Bill Totten's Weblog

Monday, September 25, 2006

March of the clone towns

by Mark Lynas

New Statesman (September 25 2006)

I had the great misfortune, on returning from a public meeting in Abergavenny this past week, to pass through Hereford. With an hour to kill before catching my connecting train back to Oxford, I was in high spirits as I left the station. The meeting had been packed, and MPs from all three main parties had agreed on the urgent need to reduce carbon emissions. The world finally seemed to be coming to its senses.

Then Hereford brought me up short. The quickest route into the town centre involved negotiating the pavement-less exit ramp of a Morrisons car park, after which I spent several long minutes marooned between six lanes of traffic, waiting for rescue by a reluctant green man. Between Morrisons and the BP garage was a small apple tree festooned with bright-red fruit. I hesitated as the traffic roared by, and then - like everyone else - left it well alone.

The pedestrianised town centre seemed like an oasis at first - until I passed Waterstone's, Starbucks, McDonald's, Fat Face, Coffee Republic and countless other chain stores on what passes for Hereford's high street. After a good half-hour searching in vain for an independent food shop of any description, I ended up queuing for a limp pasty at a fast-food outlet called JB's (or BB's, I forget) while young Polish staff in identical blue uniforms struggled to work the colour-coded till and understand customers' shouted requests against the thump of background music.

Outside, consumers shuffled miserably from one homogeneous retail outlet to another, as if directed by some unseen higher power to have the latest jeans, mobile-phone handsets, computer game consoles and sportswear. Clutching my limp pasty, I joined the solemn procession, only to find that I was hopelessly lost in the trackless corporate wasteland of a town with nothing to distinguish it from any other.

Perhaps I had passed through a warp in the space-time continuum at the air-conditioned door of JB's, and been mysteriously transported to an identical town in another part of the country. Perhaps I was in Darlington, or Dundee, or Guildford (or Rockville, Utah, for that matter). It's all the same - the same shop names; the same shuffling crowds; the same alienating uniformity, divorced from time and place, where landscape and history are bulldozed, and the only identity that counts is the brand.

This is "clone-town Britain" - where, according to a little-noticed report of this name released by the New Economics Foundation in June last year, a full 42 per cent of our population centres are already fully converted clones, with a further 26 per cent threatened by the march of sameness. The report says: "A generation grew up in the 1970s and 1980s with the spectre of dreary state-centrally planned east European economies. Now that generation is waking up to realise they've been replaced by equally dreary economies, centrally planned by corporations."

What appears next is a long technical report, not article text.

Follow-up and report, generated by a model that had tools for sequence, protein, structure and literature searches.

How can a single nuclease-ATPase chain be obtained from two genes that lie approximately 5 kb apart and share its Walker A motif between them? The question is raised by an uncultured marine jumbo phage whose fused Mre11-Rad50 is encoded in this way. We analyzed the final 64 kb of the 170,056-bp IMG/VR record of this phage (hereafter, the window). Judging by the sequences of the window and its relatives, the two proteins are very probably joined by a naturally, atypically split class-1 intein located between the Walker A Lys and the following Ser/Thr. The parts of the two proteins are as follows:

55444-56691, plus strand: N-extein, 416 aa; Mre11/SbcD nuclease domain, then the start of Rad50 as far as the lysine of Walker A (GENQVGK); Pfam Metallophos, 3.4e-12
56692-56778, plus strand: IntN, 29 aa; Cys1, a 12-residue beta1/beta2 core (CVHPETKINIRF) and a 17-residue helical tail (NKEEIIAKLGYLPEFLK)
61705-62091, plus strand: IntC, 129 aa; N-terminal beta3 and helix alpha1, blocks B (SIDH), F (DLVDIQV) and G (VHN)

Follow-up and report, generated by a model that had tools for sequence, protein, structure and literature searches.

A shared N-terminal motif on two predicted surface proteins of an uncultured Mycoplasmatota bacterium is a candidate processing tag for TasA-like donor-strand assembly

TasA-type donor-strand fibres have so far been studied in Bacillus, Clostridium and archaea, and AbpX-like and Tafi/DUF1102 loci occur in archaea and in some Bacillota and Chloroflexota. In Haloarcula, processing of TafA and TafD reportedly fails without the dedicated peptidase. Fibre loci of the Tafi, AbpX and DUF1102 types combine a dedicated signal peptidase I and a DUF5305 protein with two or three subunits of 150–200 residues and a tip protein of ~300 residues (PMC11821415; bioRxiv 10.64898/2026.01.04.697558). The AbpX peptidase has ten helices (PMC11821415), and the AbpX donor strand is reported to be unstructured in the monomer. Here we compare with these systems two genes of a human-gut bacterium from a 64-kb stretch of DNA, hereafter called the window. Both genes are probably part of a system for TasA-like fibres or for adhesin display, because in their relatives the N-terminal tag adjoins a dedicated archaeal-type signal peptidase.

I reorient myself at Argos, where shoppers pore over plasticised catalogues with the peculiar intensity that people in less developed countries reserve for their sacred religious texts. Youths with pinched white faces sit munching on their McDonald's in the doorway of Virgin Records. As I walk, I wonder what the town councillors thought they were doing when they invited the grim reaper of global capitalism to scythe his way through all the independent businesses of what was once a thriving and distinctive market town. Perhaps they felt they were doing the right thing, much as today's council in still-thriving Abergavenny seems to think it is doing the right thing by granting a prime town-centre development site to Asda/Wal-Mart, which will blow like a neutron bomb through independent retailers. I am reminded of the Cybermen from Doctor Who, who bleat mechanically: "You are incompatible. You will be upgraded!" as the rhythmic stomp of robotic boots grows ever louder.

In need of some spiritual replenishment, I duck into Waterstone's (oh, the irony) and buy a small anthology of John Betjeman's poems. Would that the Bard of Middle England were still around to show us how properly to rage at the march of the modernity, which is turning our towns into clones. He might have hoped, as do I, that the need to regulate carbon emissions will throw a spanner in the works of runaway consumerism. Or he might have simply amended his classic poem:

"Come, friendly bombs, and fall on Slough!
And Hereford, and Exeter

And Reading, and Dumfries, and Middlesbrough

And Leicester, and Glasgow ... "

Copyright (c) New Statesman 1913 - 2006

Bill Totten


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